ElderCircle’s Assisted Transportation: Making Health Care Accessible for Rural Older Adults
by Alie McInerney Posted in Rural Capacity Building
It’s hard to get around in rural places without a car. It’s even harder when you’re older.
There are some things you just can’t miss or put off, though, if you don’t have a ride. Dialysis, radiation, and surgery to name a few.
“Health care is pretty important at our age,” joked Jan Erickson, a retired volunteer driver with ElderCircle’s Assisted Transportation Program. “People need a way to get to the doctor – their health depends on it.”
The Assisted Transportation Program links volunteer drivers with adults 60+ throughout Itasca County who are in need of transportation to medical appointments. Jan and her husband Erle are two of ElderCircles’ 40 drivers active in the program – but there is an immediate need for more volunteer drivers.
“We started four years ago because we had a friend that needed rides to dialysis appointments,” said Jan. “We saw the need and decided to volunteer. Now, most of our rides have become friends.”
When COVID safety measures ramped up in 2020, Erle continued driving while Jan stepped back because of her asthma.
“People still needed rides,” said Erle. “Some drivers dropped out because of COVID and some left for the winter.”
Erle, who’s known by clients for his level of personalized care and attention, said COVID has been difficult because he needed to wait outside at various appointments and couldn’t provide the same door-to-door service clients are used to.
“People request him because of his caring service,” said Jan of Erle. “He makes sure they get to their appointments safely and that they get back into their house. He takes good care of them. I tell him he should have been a nurse instead of a mechanic.”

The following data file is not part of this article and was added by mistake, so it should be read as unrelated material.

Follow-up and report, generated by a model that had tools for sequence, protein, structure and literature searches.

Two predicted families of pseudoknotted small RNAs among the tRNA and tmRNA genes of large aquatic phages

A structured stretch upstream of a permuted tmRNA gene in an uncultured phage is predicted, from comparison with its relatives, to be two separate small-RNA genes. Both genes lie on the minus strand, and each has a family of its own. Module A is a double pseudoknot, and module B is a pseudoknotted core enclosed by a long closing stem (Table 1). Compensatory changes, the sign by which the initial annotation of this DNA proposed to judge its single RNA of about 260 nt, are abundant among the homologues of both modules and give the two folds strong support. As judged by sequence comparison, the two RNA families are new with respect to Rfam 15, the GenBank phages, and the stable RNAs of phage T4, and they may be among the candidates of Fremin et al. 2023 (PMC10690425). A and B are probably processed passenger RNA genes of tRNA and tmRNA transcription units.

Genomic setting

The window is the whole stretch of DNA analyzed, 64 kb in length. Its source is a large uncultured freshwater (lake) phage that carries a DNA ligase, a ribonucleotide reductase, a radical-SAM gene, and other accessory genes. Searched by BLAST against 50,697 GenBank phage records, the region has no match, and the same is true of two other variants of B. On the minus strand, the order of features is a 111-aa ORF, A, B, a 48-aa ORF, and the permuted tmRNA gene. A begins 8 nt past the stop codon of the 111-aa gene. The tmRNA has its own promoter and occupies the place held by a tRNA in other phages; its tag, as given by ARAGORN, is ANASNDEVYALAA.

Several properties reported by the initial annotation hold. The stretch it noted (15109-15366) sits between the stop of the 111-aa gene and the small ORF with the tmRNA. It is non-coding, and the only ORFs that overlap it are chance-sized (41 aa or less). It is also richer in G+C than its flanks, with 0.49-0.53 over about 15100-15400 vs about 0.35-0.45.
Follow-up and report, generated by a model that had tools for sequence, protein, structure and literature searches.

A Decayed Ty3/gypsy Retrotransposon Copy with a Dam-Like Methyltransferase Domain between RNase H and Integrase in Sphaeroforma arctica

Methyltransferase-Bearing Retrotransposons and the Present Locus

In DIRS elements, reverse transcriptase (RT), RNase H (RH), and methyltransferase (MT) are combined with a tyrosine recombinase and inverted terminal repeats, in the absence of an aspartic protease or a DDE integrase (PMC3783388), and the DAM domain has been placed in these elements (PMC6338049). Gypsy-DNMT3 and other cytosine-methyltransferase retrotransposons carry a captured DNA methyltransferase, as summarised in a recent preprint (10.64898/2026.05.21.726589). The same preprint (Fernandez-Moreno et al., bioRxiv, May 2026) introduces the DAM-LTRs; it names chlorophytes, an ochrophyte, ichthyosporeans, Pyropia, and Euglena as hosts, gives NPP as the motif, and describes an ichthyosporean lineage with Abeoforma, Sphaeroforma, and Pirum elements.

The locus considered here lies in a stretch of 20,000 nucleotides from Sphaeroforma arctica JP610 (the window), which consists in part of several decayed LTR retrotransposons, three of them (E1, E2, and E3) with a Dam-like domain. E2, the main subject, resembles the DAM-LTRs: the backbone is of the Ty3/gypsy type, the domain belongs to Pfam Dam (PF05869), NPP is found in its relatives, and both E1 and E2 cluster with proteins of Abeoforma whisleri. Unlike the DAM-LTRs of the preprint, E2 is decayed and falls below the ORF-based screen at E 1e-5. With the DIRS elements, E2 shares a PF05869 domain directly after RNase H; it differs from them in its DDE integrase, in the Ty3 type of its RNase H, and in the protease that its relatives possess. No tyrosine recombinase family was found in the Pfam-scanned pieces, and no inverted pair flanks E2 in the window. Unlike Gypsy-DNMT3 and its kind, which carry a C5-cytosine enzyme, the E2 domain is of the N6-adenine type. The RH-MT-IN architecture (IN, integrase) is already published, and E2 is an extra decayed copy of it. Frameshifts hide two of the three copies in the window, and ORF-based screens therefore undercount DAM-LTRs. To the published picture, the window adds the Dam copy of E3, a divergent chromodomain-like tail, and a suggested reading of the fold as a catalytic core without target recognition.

Jan and Erle travel all around Itasca County – from Deer River to Bigfork, Grand Rapids to Hill City – to pick people up and bring them to appointments near and far.
“A few years ago, we went down to the Cities, but it’s mostly here and Duluth,” said Erle.
Jan recalled a friend whose husband needed care in Duluth and was transported by a medical vehicle costing $250 for a one-way trip.
“I told her that’s outrageous and would be a hard hit to almost any senior’s budget,” said Jan.
Volunteer drivers are reimbursed mileage from the time they leave their home until they return home. ElderCircle sends a cost share statement to clients stating the cost of the ride. Clients have the opportunity to participate in that cost based on the client’s income level, but no one is turned away for their inability or unwillingness to participate in the cost of their ride. The program is supported through Older Americans Act funding.
“It’s an extremely important program because there’s a lot of people out there that, for one, can’t afford a car, and two, by the time you pay for insurance and gas, it’s just too much,” said Jan. “ElderCircle is here. All you have to do is call.”
If you’re interested in volunteering with the Assisted Transportation Program, call ElderCircle at 218-999-9233. You can learn more at https://www.eldercircle.org/.
For nearly 20 years, Blandin Foundation has partnered with ElderCircle to empower older adults to maintain active living and healthy independence through services, resources, and referrals.
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